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John 20:3-8:

So Peter and the other disciple started for the tomb. Both were running, but the other disciple outran Peter and reached the tomb first. He bent over and looked in at the strips of linen lying there but did not go in. Then Simon Peter, who was behind him, arrived and went into the tomb. He saw the strips of linen lying there, as well as the burial cloth that had been around Jesus’ head. The cloth was folded up by itself, separate from the linen. Finally the other disciple, who had reached the tomb first, also went inside. He saw and believed.

Why did John choose to mention three times that he beat Peter to the tomb?

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    A possible answer is the contested authorship of the ending of John which I briefly addressed in my answer to this question hermeneutics.stackexchange.com/q/854/367 There's significant discussion regarding the ending of John and how disjointed it seems (specifically, chapter 20). This has led some to hypothesize that John's gospel has been edited a few times. These could be insertions from the Johannine community revising an original document. – swasheck May 2 '12 at 21:36
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    So John was the faster runner, but Peter was the stronger swimmer. I'll bet James would have been a better cyclist if only it had been invented. – Jon Ericson May 2 '12 at 22:36
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    I'd always heard this was one way John was able to make it clear he was talking about himself without using his own name, like "the apostle Jesus loved," etc. – Thomas Shields May 4 '12 at 3:40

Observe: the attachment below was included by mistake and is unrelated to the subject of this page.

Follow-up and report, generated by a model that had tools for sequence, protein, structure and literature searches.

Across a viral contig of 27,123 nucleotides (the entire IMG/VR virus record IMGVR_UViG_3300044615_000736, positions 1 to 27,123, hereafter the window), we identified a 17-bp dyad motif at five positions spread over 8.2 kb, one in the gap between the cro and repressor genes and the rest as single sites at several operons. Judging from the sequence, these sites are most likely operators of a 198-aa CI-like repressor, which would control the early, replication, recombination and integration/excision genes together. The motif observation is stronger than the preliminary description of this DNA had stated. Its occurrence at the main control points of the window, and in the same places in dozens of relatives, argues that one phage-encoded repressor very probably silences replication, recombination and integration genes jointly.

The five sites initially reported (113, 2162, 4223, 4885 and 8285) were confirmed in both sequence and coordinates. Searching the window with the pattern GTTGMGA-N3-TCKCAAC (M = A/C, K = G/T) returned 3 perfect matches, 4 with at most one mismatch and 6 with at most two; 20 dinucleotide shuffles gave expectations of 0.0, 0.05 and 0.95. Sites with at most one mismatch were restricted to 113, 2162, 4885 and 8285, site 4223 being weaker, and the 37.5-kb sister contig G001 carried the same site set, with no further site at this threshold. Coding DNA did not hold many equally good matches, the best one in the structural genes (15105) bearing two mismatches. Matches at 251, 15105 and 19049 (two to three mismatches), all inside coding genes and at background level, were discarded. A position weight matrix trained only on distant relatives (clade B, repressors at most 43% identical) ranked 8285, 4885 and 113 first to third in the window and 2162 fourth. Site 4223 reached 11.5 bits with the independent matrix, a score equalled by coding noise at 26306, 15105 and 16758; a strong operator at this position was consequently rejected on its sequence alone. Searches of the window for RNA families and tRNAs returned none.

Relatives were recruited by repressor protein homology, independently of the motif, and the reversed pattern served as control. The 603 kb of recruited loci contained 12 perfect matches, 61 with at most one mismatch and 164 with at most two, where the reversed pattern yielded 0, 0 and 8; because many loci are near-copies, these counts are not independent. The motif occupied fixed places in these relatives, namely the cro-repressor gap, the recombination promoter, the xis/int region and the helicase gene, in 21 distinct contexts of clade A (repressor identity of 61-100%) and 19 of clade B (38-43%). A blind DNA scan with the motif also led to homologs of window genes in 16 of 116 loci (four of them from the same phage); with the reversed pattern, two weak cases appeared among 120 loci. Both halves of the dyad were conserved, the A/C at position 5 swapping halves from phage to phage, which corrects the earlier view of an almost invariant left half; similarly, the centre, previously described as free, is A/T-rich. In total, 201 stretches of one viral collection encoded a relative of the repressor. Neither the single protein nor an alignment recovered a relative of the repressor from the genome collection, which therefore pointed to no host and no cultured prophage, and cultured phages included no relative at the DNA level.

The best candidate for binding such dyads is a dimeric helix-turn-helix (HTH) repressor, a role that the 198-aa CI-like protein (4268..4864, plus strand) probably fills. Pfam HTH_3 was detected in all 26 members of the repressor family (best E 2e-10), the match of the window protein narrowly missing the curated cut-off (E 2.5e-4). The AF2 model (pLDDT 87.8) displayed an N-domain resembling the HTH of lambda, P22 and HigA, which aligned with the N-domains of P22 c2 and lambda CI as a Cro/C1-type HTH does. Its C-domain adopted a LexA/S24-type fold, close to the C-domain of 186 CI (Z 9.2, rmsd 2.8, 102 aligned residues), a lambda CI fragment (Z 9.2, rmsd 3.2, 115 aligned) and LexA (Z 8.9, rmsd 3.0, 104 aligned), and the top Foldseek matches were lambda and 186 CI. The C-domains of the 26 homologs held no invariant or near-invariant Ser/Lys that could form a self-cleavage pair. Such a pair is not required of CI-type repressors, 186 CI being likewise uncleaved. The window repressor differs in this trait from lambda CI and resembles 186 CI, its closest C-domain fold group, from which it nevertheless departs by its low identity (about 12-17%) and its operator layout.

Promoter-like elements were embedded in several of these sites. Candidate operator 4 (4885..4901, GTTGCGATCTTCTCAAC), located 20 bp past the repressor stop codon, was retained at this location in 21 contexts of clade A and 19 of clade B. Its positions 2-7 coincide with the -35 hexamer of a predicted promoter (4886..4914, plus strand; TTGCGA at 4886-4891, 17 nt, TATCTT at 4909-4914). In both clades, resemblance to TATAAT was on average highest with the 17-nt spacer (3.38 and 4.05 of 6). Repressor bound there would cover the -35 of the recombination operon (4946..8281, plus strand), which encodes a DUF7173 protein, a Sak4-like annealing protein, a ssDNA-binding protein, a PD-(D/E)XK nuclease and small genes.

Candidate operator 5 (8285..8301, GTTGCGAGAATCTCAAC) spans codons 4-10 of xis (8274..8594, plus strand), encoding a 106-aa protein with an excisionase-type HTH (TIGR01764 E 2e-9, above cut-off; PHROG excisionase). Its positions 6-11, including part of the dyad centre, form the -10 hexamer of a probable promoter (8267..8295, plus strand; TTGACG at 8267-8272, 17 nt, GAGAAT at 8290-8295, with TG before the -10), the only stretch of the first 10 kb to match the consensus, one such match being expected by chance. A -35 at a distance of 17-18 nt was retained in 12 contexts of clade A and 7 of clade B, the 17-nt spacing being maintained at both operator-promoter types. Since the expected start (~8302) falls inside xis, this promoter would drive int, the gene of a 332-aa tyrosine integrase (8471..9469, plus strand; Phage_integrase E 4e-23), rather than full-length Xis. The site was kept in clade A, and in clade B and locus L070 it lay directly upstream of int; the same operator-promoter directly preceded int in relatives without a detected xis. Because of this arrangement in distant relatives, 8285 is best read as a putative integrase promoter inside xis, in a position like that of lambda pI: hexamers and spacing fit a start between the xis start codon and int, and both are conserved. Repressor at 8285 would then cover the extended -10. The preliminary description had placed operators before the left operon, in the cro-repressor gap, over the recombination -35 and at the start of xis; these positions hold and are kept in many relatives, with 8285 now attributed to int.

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The issue that John is addressing is that no one went into the tomb unaccompanied. John arrived first, but did not go in. His testimony is that he did not disturb anything before Peter got there.

"...who was behind him" does not emphasize that John was first but that Peter, and not another, was second.

The final reference simply clarified which "other disciple" is being referred to.He is just saying that he one who arrived first followed Peter in, and not another disciple that perhaps arrived third.

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Arthur J. Droge ('The Status of Peter in the Fourth Gospel: A Note on John 18:10-11', Journal of Biblical Literature 109.2 [1990]: 307–311) says a number of commentators have observed that the Fourth Gospel exhibits a marked tendency to exalt the Beloved Disciple at the expense of Peter, with frequent episodes in which the Beloved Disciple and Peter appear as rivals.

Christopher W. Skinner ('Who Was the Beloved Disciple') says the beloved disciple responds to Jesus in a way that the narrator considers praiseworthy, while Peter expresses confusion, doubt, and misunderstanding before he denies that he knows Jesus. In a sense, the beloved disciple gets everything right: twice he is found in a location that indicates his loyalty to Jesus (John 18:15-18, John 19:26-27); he responds appropriately by believing at the empty tomb, even when he does not understand (John 20:3-8); he also recognises the risen Jesus from afar while the other disciples do not (John 21:7). In what is probably the most important comment about the beloved disciple, the narrator depicts him as “leaning back on the chest of Jesus”. Each of these depictions reinforces the idea that the beloved disciple should be seen as an ideal follower of Jesus — one with whom any faithful reader can and should identify.